Even if you aren’t a fan of reality shows, it’s nearly impossible to miss that Caitlyn Jenner has been a hot topic of conversation. I’m old enough to remember her as the male presenting decathlete on the Wheaties box in the early 1980s. The fact that she can now live as her true gender and receive a generally positive reecption says so much for how far our culture has come. Conversations with and about MOGAI people, Caitlyn on the cover of Vanity Fair, Laverne Cox on Time, Transparent winning the Golden Globe at the start of the year, we have come a long way since the Stonewall riots.
And there’s the inevitable criticism, like this editorial from yesterday’s New York Times. A cis woman criticising Caitlyn’s coming out, many words against trans folks (who knows what she might say about non-binary people), and despite her claims to the contrary, engages in some serious gender essentialism. Not only that, she seems intent on turning Caitlyn’s personal experiences into a broad brush for all trans women.
I thought we were supposed to be past this in feminism. We’re not supposed to be reduced to out genitalia or secondary sex characteristics. We’re supposed to be more than just reproduction machines, bringing about the next generation of workers (or elites in the rare cases), keeping the house cleaning, and a martini ready for our man when he gets home. Marriage is no longer an automatic in womens’ lives, nor is having children, or even compulsory heterosexuality. We have autonomy.
That’s the core here, autonomy. Autonomy over our bodies.
I’m guessing Elinor Burkett has not spoken with many trans people in her life.
Her words remind me of what the Dianic community continues to spout about the exclusion of trans women from their spaces and treating trans women as the ultimate enemy. Back in the 1970s there was an idea that trans women were not actually female identified. Instead they were so threatened by women’s spaces and hated women so much, they sought out sex changes in an effort to invade those single sex spaces.
Let’s take that apart. Men who apparently loathe women so much, they will become the object of their hate, fundamentally change their bodies on the outside, risk the loss of jobs, friends, family, and life, just to “invade” a space. Seems like a steep price to pay, especially since it’s not that easy to “change back.”
MOGAI people are not a modern invention. We find people like this all over the world, and through history. But we’ve had a dominant culture in place for a long time which punishes people for trying to step anywhere outside their designated boxes. Even feminism, which has done so much to help women and men, has only widened the box in certain ways for women. We’re still in an overculture where the worst insult you can deliver to a man is to insinuate that he is even a little bit “feminine.” Yes, women can wear pants, but how often do you see someone male-identified/male-presenting in a dress? I’m not talking about drag here, or something done for humor or humiliation. When it’s summer, I practically live in dresses because it takes 30 seconds to get dressed and there’s no worry about coordination.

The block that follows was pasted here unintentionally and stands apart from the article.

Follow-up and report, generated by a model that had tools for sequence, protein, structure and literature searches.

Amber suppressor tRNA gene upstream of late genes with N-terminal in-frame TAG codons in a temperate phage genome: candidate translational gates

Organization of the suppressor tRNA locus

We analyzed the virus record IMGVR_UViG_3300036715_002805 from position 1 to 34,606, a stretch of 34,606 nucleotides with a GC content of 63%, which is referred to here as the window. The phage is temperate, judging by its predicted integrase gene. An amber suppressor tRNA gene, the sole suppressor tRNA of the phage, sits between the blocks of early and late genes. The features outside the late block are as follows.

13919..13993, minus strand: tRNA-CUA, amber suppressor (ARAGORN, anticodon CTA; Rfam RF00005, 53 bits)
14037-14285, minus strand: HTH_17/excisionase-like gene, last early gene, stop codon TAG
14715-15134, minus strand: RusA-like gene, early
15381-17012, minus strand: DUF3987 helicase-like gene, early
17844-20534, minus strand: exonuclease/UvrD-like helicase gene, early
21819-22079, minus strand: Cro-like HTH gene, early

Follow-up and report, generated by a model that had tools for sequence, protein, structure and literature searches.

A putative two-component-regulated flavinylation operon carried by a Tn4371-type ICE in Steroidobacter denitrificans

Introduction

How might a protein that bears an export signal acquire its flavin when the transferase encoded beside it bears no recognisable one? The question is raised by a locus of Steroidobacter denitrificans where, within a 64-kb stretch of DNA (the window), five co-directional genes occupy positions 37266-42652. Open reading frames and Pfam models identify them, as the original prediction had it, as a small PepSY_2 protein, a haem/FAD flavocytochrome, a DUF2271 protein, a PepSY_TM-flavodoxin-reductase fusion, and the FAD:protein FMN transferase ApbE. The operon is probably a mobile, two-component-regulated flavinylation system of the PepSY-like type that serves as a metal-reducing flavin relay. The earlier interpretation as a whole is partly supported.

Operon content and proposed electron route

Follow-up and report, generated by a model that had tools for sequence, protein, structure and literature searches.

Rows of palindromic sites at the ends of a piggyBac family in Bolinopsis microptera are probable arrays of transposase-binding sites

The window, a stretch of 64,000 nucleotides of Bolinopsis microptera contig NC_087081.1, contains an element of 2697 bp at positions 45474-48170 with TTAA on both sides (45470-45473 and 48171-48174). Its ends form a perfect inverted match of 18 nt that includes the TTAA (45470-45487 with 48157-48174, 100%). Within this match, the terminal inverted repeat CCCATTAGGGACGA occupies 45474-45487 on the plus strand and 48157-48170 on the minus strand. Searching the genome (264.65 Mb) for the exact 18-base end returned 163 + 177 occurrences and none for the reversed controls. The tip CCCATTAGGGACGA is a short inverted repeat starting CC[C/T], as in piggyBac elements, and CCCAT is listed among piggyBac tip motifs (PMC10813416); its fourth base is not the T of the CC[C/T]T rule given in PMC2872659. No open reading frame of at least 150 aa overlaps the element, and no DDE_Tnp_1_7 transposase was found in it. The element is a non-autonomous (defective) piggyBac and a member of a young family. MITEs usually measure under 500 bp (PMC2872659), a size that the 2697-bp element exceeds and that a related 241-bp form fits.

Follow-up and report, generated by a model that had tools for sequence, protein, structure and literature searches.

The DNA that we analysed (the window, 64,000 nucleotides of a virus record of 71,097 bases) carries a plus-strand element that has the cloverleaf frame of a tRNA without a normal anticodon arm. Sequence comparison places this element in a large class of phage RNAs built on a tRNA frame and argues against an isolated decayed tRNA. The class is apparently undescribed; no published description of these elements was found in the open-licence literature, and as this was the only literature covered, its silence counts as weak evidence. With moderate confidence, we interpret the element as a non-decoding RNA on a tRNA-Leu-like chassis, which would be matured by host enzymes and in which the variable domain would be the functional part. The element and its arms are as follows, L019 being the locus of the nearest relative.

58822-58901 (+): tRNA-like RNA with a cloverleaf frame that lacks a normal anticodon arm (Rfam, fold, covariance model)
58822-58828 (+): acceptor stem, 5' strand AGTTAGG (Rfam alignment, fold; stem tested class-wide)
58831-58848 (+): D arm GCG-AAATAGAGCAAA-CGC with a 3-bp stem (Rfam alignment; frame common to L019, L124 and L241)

Burkett seems to think that the existence of trans women, identifying as women and accepted by other women as being just that, is a threat to her own identity as a woman. How? Do women who do not have kids do that? Do women who do not share her sexual identity do that? Do women lose that womanness when they have hysterectomies or mastectomies? There is an undercurrent of objectification to her editorial. I’m guessing she did not see the interview where Laverne Cox schooled Katie Couric about why cis people need to stop focusing on the surgery side or what resides between their legs.
She’d also do well to familiarize herself with the work of Norman Spack, who works with transgender youth. Maybe she’d see that many trans folk know from a very young age that their gender assignment at birth does not match with their true identity.
This is the world which feminism has helped to shape. There are still miles to go. But I write this today, as a bisexual queer woman, over 40, unmarried, not being pressured to change that, with many friends and even family who are trans, genderqueer, metagender, who do not have to live their lives struggling to be someone they are not. In modern paganisms and polytheisms we are finding more ways to acknowledge and celebrate our siblings in all their identities. Until children do not have to worry about violence from their families as a response to their autonomy, until slurs in reference to gender and sexuality are gone from our vocabulary, until young people stop killing themselves because they cannot live as their authentic selves, we need to continue to support trans women. They are our sisters too.